• For treatment of Critical illnesses – suffered by subscriber, spouse, children and dependent parents. List of critical illnesses: cancer, kidney failure (end stage renal failure), primary pulmonary arterial hypertension, multiple sclerosis, major organ transplant, coronary artery bypass graft, aorta graft surgery, heart valve surgery, stroke, myocardinal infarction, coma, total blindness, paralysis, paralysis, accident of serious/ life-threatening nature, any other critical illness of a life-threatening nature as stipulated in the circulars/ guidelines or notifications issued by the authority from time to time.
  • Meet medical and incidental expenses arising  out of the disability or incapacitation suffered by the subscriber
  • Towards meeting expenses by the subscriber for skill development/re-skilling or any other self-development activities as may be permitted by Authority by issuance of appropriate guidelines in that behalf.
  • Towards meeting expenses by the subscriber for establishment of own venture or start-ups activities as may be permitted by Authority by the issuance of appropriate guidelines on that behalf.
2. Partial Withdrawals are allowed only 3 times during the tenure of your account.

3. To be eligible for partial withdrawal, the subscriber needs to be in the NPS for at least 3 years.

4. The withdrawal amount cannot exceed 25% of the contributions made by the subscriber. Please note that this is 25% of the contributions only not the total corpus which includes contributions plus returns.

Conditions which are no longer applicable for Partial withdrawals

Earlier conditions for partial withdrawal were a lot more stringent but some of these conditions have now been removed to make withdrawal easier. You may however still find these conditions listed in some of the old NPS articles. To make life easier, we have listed below are a list of conditions that used to exist but are no longer applicable.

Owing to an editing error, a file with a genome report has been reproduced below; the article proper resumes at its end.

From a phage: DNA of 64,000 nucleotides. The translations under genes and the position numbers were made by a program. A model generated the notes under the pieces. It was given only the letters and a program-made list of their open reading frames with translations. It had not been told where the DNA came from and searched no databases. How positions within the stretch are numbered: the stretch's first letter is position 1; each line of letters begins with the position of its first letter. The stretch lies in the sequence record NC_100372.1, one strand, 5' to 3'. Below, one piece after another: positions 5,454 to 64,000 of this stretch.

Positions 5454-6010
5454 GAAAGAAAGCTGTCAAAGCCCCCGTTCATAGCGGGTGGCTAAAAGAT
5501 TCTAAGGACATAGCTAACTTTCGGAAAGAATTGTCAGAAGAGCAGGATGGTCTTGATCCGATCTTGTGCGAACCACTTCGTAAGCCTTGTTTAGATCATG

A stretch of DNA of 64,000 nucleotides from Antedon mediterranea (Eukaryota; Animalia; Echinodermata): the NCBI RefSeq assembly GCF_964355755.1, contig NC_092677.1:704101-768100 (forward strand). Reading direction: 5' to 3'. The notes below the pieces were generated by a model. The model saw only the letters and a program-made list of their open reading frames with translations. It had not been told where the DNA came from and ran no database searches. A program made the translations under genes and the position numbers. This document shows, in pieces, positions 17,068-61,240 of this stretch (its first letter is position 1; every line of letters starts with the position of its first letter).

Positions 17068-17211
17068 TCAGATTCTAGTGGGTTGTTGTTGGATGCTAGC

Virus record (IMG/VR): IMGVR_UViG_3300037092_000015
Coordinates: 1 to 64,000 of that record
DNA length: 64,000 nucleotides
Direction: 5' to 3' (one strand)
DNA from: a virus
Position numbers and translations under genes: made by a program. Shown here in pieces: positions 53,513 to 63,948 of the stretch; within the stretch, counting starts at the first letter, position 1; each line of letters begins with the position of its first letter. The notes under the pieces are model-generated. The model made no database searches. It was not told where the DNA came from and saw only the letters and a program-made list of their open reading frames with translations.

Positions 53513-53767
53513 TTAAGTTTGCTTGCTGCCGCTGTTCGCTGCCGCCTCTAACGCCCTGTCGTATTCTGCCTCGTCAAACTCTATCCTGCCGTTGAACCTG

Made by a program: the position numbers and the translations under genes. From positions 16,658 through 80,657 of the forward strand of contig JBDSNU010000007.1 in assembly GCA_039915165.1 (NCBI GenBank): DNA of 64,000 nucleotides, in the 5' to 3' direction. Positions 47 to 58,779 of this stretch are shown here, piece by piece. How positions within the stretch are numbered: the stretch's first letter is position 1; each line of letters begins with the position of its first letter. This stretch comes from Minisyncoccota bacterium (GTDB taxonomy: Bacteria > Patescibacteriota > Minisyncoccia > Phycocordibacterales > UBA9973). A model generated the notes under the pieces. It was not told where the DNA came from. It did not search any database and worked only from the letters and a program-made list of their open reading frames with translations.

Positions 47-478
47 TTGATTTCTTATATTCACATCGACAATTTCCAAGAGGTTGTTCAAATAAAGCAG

• Earlier an NPS subscriber had to be in NPS for at least 10 years to be eligible for partial withdrawal. This has now been reduced to 3 years.
  • Earlier there was a condition of a gap of at least 5 years between subsequent partial withdrawals. This has now been eliminated.
  • Additional reasons have been added to the list of reasons for which partial withdrawal is allowed: Re-skilling and start-up activities (last two points in the list above) are recent additions to the list of reasons for which you can avail of partial withdrawal.

Tax rules for partial withdrawal

Partial withdrawals are tax-free. As mentioned before partial withdrawal does not affect the tax treatment at the time of retirement.

Conclusion

This blog post lists the latest NPS withdrawal rules and withdrawal taxes in 2019. The withdrawal rules and taxes reflect the philosophy that NPS is a retirement product designed to provide regular pension income. Withdrawal rules have been updated over time to make NPS more attractive for investors. We expect more changes in this area going forward and we will constantly keep you updated. Watch out this space for more!